Proposition 1A is the centerpiece of the February 2009 budget package created by Gov. Arnold Schwarzenegger and the California Legislature. Prop. 1A would make significant changes to the state's budgetary procedures regarding rainy day reserve accounts and state spending.
Proposition 1A was proposed by Senate Constitutional Amendment 13 of the 2007–2008 Regular Session (Resolution Chapter 144, Statutes of 2008) and Assembly Constitutional Amendment 1 of the 2009–2010 Third Extraordinary Session (Resolution Chapter 1, 2009–2010 Third Extraordinary Session). It expressly amends sections of, and adds a section to, the California Constitution. The measure was placed on the ballot when six Republicans from the Legislature crossed party lines during negotiations and agreed to a two-year extension of new tax increases so that the new taxes will be in effect for up to four years. In exchange, Democrats agreed to a 12.5 percent spending cap. The powerful California Teacher's Association agreed to support the measure with the introduction of Proposition 1B.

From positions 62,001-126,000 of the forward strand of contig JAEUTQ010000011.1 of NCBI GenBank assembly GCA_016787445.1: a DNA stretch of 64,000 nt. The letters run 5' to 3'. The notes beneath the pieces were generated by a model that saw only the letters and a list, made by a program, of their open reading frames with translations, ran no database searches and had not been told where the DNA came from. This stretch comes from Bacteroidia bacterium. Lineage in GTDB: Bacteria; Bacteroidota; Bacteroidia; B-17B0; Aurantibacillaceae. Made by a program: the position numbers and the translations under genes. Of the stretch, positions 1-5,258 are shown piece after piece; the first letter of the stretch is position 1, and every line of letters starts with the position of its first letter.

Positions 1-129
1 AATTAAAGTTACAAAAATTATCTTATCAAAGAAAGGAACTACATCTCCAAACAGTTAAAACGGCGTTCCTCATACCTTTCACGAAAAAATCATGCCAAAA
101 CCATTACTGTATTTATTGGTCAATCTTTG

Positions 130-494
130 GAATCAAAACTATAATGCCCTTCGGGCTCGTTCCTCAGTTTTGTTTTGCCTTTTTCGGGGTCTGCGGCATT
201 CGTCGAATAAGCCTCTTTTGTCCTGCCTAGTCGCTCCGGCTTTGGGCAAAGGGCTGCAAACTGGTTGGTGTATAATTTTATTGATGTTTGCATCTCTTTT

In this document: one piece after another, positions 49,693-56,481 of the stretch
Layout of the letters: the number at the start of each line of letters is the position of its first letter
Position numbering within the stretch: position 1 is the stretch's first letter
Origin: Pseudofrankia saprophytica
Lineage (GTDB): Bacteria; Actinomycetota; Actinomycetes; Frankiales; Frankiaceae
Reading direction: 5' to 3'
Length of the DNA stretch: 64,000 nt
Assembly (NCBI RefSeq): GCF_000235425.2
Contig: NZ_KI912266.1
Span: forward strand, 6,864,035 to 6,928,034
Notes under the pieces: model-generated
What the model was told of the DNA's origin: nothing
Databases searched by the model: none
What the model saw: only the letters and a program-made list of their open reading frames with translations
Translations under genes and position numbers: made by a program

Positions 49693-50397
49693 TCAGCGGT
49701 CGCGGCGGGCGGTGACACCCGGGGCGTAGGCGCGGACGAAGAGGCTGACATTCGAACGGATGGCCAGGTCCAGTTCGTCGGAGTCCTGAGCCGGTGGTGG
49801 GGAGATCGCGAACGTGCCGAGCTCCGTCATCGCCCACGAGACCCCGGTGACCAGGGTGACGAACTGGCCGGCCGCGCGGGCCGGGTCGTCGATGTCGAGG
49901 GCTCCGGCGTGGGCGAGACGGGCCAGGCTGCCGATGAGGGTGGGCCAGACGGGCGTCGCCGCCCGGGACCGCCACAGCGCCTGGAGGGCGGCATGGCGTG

Rainy Day Accounts
Under current law, the state annually estimates the amount of revenues that it expects to receive in the upcoming year. It sets aside an allotment of these revenues into rainy day reserve funds in case the state experiences unforeseen expenses or economic downturns in the future year. There are two rainy day reserve funds: the Budget Stabilization Account (which is renamed by this proposition as the Budget Stabilization Fund or BSF) and the Special Fund for Economic Uncertainties (SFEU). Currently, any unexpected revenues the state receives are deposited into the SFEU. Each year, the BSF receives 3 percent of estimated General Fund state revenues. It was created through the passage of Proposition 58 in 2004. Transfers to the BSF can be halted by the Governor in years when the state is facing budget problems. Transfers are not made once the account has met its specified target of $8 billion or 5 percent of General Fund revenues, whichever is greater.